Sunday, August 03, 2008

The Touch List - II

I finally have some time to come back and write about the Touch List window. It's been quite some time since I wrote the first post about this code, and it has changed a lot (especially because I had to use it for a customer project), and I have also learned a lot about how to make this code work on both Windows Mobile and Windows CE devices.

Code Changes
The first challenge I had to face was to decouple the "kinetics" from the list and implement it in a more general WTL base class. This was a project requirement for one of the data windows where a bitmap is displayed and the same auto scrolling behavior was sought.

The second challenge was to implement some sort of scroll bar into the window. I could use the native Windows scroll bars but I decided to use something nicer and possibly "cooler".

All the "touch" code was put into one single header file pompously named atltouch.h (see the sample code here). This header file contains the following classes:
  • CScrollBarData - Contains scroll bar data (either horizontal or vertical) and associated calculations.
  • CTouchWindow - The "touch" base class, where you will find all generic "kinetics" functions.
  • CTouchListItem - Base class for touch list items. Implement one for your items (see sample code).
  • CTouchList - The touch list class template.
Please understand that this code is still very much under construction so you will see some redundant concepts and the occasional bug.

Finger Use
Most of the current devices are not ready for finger input, only for stylus input. Sure you can use your finger but I have found that on some devices, when you put your index finger to the screen, the application window receives the expected WM_LBUTTONDOWN, but may also receive a lot of WM_MOUSEMOVE messages... Why is this? Your finger is way larger than the expected stylus tip so you are effectively touching more than one screen point. What I have experienced is that most devices will produce the mouse move messages and your list will start scrolling just by touching it with your finger. This is less likely to happen when using the stylus.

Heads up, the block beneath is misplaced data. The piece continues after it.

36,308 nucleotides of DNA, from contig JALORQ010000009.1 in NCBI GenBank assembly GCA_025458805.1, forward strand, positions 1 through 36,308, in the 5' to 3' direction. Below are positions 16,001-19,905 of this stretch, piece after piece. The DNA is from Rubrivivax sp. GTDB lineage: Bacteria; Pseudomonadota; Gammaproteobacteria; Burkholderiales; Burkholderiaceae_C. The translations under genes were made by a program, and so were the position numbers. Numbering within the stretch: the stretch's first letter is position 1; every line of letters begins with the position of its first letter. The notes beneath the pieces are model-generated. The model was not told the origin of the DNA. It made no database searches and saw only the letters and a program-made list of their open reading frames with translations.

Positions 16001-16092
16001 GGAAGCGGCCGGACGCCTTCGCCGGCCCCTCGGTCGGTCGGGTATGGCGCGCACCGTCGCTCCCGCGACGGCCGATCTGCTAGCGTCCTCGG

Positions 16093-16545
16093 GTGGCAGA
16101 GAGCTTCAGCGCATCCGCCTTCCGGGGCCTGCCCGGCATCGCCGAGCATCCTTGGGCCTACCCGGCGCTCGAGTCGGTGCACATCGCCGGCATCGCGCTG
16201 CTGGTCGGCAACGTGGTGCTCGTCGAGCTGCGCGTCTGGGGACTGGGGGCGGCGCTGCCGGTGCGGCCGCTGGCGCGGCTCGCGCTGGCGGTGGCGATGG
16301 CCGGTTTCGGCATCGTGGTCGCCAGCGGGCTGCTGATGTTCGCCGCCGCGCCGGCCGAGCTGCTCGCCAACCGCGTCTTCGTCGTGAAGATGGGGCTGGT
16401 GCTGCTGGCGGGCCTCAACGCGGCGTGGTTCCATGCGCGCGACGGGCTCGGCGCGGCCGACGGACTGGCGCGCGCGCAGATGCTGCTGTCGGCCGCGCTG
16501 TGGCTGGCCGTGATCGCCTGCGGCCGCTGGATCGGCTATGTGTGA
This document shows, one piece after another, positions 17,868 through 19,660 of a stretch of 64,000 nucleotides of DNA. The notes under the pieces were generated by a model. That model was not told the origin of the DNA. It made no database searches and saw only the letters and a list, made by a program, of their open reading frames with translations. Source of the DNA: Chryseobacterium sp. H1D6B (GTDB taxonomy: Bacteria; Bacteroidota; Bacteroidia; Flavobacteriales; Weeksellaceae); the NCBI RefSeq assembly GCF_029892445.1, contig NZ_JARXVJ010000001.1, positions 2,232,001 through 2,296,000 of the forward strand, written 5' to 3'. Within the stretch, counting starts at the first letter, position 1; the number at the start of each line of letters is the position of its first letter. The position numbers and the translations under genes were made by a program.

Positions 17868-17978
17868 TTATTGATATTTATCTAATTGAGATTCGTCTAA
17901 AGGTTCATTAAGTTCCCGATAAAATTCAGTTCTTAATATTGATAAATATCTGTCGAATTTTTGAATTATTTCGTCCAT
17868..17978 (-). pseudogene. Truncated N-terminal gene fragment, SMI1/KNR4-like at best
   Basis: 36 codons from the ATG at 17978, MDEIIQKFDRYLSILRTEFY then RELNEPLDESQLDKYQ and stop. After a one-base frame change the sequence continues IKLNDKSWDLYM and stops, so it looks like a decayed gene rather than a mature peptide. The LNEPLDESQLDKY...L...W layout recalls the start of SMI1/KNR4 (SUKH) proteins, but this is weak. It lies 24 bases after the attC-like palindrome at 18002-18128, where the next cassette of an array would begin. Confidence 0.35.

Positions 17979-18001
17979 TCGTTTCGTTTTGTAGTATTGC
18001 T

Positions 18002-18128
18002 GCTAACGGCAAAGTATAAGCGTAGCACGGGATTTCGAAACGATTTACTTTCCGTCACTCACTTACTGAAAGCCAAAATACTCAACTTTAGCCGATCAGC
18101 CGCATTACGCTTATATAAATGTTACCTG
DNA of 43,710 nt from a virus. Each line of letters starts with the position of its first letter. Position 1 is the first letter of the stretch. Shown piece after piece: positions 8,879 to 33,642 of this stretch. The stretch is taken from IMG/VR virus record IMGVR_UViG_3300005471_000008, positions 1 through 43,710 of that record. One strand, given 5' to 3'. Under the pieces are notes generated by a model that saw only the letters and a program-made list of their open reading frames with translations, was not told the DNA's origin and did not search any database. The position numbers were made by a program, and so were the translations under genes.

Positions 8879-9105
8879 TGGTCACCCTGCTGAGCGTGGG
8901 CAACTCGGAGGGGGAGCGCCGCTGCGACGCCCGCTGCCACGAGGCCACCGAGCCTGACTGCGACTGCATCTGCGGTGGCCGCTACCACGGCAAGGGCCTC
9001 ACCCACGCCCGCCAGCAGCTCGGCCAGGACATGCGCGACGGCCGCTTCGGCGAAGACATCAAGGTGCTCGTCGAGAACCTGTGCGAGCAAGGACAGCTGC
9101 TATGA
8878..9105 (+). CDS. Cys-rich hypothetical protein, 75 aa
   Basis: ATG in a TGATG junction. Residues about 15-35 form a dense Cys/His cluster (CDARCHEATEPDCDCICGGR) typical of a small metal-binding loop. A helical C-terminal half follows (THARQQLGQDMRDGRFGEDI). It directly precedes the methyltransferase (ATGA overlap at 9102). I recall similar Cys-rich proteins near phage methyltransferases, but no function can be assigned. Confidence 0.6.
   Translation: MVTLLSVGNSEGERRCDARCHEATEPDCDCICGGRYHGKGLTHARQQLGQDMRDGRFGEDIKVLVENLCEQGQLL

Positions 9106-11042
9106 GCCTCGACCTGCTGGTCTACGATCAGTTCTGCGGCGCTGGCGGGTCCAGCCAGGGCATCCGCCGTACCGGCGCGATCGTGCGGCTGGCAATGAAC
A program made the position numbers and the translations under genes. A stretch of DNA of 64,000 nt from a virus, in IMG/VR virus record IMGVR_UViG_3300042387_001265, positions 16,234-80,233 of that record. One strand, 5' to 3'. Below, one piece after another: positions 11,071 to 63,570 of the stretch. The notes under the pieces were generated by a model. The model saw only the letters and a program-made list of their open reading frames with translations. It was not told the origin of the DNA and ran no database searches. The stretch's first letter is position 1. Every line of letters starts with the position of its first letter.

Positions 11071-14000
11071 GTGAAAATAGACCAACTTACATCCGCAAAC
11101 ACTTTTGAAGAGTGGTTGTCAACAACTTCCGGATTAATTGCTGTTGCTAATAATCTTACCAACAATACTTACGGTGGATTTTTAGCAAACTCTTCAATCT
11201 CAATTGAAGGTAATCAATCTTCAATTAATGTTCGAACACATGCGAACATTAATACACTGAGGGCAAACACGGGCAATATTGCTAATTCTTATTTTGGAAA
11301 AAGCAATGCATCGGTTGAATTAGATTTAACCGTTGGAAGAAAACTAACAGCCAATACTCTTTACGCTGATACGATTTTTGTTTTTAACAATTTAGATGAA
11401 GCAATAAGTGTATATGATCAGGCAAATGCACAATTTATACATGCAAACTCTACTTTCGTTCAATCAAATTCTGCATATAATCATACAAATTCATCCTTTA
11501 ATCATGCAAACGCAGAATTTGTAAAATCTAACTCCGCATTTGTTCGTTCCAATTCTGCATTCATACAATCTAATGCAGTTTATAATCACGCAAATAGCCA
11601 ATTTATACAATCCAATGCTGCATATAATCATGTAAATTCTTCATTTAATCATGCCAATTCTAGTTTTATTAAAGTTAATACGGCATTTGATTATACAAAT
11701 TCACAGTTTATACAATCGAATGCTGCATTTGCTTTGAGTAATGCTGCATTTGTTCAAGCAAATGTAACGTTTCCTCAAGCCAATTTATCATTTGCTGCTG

The solution for this was to implement a "sensitivity" factor that will ignore movements within a given range (see the SetSensitivity method). If you use this with any value larger than 1 (in either direction) your list will become less sensitive, but you will have to adjust this value to your device...

Scroll Bars
Scroll bars have an unusual implementation, but I hope you find them useful (if not, suggestions
are mostly welcome). To use the vertical scroll bar, just drag your finger (or stylus) up or down and the list will scroll accordingly.

On Windows Mobile 5 and 6 devices, these are implemented as a transparent layer on top of your list so you can use the full screen size to display data.


zzattack said...

Very nice, I'll try it out now.
If you haven't already, take a look at this codeproject article: :)
I've been using that for some time now but there are still some issues with it. I hope I'll manage to use this in a managed context as well.

João Paulo Figueira said...

Looks like an interesting article and will definitely look at it for ideas. My plan is to write a native-only version of this but i don't exclude writing a managed one...

vincent said...


it seems your link to sample code is broken.


João Paulo Figueira said...

Looks like my host (Yahoo!) is doing a bad job, again! Please retry later.

zzattack said...

Hi again, I tried running this program once more. At first there were no entries in the list, but when I ran it today my address book entries were there. The software works amazingly well, the effect is really smooth, nothing like my own .NET implementation! Do you think this could be used in a managed context at all?

João Paulo Figueira said...

It is possible to host a native control in a managed application. I would say that this code is still a bit far from that, but I promise to get back to this very soon (as soon as the OLE DB Client library becomes usable).